whatever works

The knee jerk reaction to any of the marketing for Woody Allen’s Whatever Works is to assume that Allen cast Larry David in the lead role as a mildly updated proxy for Allen himself. But putting aside the obvious bald, neurotic Jewy-ness of both men, the connection proves tenuous. Allen’s lead characters tend to be neurotic, self deprecating wiseacres. In Whatever Works, David is a neurotic, self-aggrandizing wiseacre. Huge difference.

There’s an inherent contradiction in David’s character. Boris (yep, that’s really his name) is an award winning academic who fancies himself above all of the so-called “microbes” who inhabit his daily life. Yet he’s obsessive compulsive, suicidal, and uncomfortable in his own skin. His mantra, culled from life experience, is “whatever works.” As in, any way you can be happy in this life, make it happen. It’s a completely trite sentiment from the mouth of a character who’s otherwise incredibly pessimistic and self removed from society. Shockingly, in the hands of David, a non-actor, Boris almost works. It makes sense that Allen himself wouldn’t be right for the part, but Boris is still very much a product of Allen’s brain. He knows how to make a character like this tick, and it’s enough to make Whatever Works totally bearable.

But Allen is perfectly adept at writing overeducated New Yorkers of a certain age. That’s not a problem. Allen just doesn’t understand anyone else.

The rest of the principal characters in Whatever Works are southerners, each introduced to big scary New York at different points in the film. First, Evan Rachel Wood, a 21-year-old runaway, who clings to David as some kind of intellectual god, put on earth to correct her weirdly wholesome red state upbringing. David and Wood eventually marry, though Allen mercifully presents their relationship as only mildly affectionate and practically sexless. Later, we meet Patricia Clarkson and Ed Begley, Jr., Wood’s separated parents, who each find some kind of ridiculous redemption through the magic of Manhattan and David’s perversely strong sphere of influence.

Wood, Begley, and Clarkson all come off as disingenuous Southern gothic pastiche. Wood’s character is further burdened with the curse of being young, an object for Allen’s fetishization and mockery, but without any depth, her motivations whimsical but wholly unnatural.

If not for the fact that the old man still has a knack for glib one liners, Whatever Works wouldn’t work at all. There’s still a little bit of humor let in the tank, and it’s enough to make you long for the Allen of old. But that guy won’t be back. You see, Boris’s motto is double sided. Allen used to be a great comedic mind, and now he just settles for whatever works. (Told you fuckers I went to headline writing school; I also took a seminar on hack closing lines.)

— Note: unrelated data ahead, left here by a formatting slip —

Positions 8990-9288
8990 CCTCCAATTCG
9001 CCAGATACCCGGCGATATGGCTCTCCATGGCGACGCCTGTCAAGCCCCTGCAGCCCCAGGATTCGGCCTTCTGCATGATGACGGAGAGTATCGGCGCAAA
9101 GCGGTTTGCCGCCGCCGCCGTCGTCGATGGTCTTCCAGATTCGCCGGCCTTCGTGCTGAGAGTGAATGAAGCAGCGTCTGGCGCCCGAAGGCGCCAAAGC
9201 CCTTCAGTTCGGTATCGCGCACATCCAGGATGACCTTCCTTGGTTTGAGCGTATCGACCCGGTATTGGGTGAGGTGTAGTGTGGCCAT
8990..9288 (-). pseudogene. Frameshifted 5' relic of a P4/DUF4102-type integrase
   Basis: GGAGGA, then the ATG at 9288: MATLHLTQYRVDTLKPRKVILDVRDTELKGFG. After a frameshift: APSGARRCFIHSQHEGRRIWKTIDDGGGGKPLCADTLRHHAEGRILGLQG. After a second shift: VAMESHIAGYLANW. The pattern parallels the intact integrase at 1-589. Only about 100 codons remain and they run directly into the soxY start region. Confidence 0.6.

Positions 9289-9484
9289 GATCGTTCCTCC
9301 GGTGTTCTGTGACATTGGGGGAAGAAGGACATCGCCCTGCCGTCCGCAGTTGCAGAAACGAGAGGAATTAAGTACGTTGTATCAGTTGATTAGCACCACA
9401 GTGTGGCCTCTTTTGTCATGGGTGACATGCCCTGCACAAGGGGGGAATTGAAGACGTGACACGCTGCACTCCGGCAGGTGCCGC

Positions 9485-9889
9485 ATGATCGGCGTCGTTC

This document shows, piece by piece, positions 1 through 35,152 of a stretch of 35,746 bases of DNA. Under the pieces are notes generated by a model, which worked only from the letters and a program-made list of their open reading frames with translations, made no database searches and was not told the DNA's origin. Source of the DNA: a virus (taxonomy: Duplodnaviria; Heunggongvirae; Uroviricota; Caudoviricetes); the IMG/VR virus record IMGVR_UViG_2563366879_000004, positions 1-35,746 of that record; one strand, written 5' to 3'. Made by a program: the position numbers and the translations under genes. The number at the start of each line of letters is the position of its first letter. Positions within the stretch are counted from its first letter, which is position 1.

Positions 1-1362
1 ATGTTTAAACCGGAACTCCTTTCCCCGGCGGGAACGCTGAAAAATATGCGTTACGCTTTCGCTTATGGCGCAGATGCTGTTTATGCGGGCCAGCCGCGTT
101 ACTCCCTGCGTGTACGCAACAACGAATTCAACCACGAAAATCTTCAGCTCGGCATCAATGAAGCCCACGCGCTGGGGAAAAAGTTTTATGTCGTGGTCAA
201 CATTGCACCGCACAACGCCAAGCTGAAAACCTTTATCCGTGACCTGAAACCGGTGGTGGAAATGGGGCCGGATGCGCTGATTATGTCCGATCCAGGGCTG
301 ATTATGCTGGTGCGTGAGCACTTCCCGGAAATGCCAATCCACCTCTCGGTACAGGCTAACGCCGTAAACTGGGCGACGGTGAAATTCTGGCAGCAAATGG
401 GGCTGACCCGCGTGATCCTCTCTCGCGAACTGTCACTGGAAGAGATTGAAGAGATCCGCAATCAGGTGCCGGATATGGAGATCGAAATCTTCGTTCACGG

Film: Whatever Works
Director: Woody Allen
Stars: Larry David, Evan Rachel Wood, Patricia Clarkson, Ed Begley, Jr.

Viewing situation: Weekday matinee, small crowd; standard projection
My grade (out of 10): 5
Rotten Tomatoes average: 45%

Next up: Bruno

Summer Movie Suicide Mission ’09: Seeing them all, all summer long. Follow Summer Movie Suicide Mission on Twitter: @SMSM09. Check out the full list to date here.

battle for terra

In retrospect, there was absolutely no need for me to see Battle for Terra, a CGI-animated non-blockbuster that really defies further description. The film’s opening was greeted with yawns (angry yawns), clunking down at eighth place in the box office tally.

With the unparalleled level of disinterest surrounding Battle for Terra, I was more than surprised that I wasn’t completely alone in my Tuesday matinee. Armed with a small, one dollar bag of popcorn (it was “stimulus Tuesday” at the local Carmike theater) and a one dollar thimble-full of Coca-Cola, I joined this small (yet merry) band of nerds for a rote morality play about a peaceful alien society about to invaded by silly humans intent on finding a planet that can provide a supportive ecosystem (since, of course, they’ve ruined their own). Voice work from the likes of Evan Rachel Wood and Justin Long was not enough to rescue this one.

While it’s certainly no Delgo (and seriously, you should read about Delgo, a similar 2009 alien-based animated film that holds the distinction of the worst major release opening weekend of all time), Battle for Terra is definitely the worst Ottawa International Animation Festival Grand Prize winner I’ve ever seen.

You’re off the hook, 1994 winner The Wrong Trousers.

Film: Battle for Terra
Director: Aristomeneis Tsirbas
Stars: Brian Cox, James Garner, Evan Rachel Wood, Justin Long, David Cross, Dennis Quaid, Amanda Peet, Luke Wilson

Viewing situation: Weekday matinee; shockingly not alone.
My grade (out of 10): 1
Rotten Tomatoes average: 46%

Next up: Star Trek

Summer Movie Suicide Mission ’09: Seeing them all, all summer long. Follow Summer Movie Suicide Mission on Twitter: @SMSM09.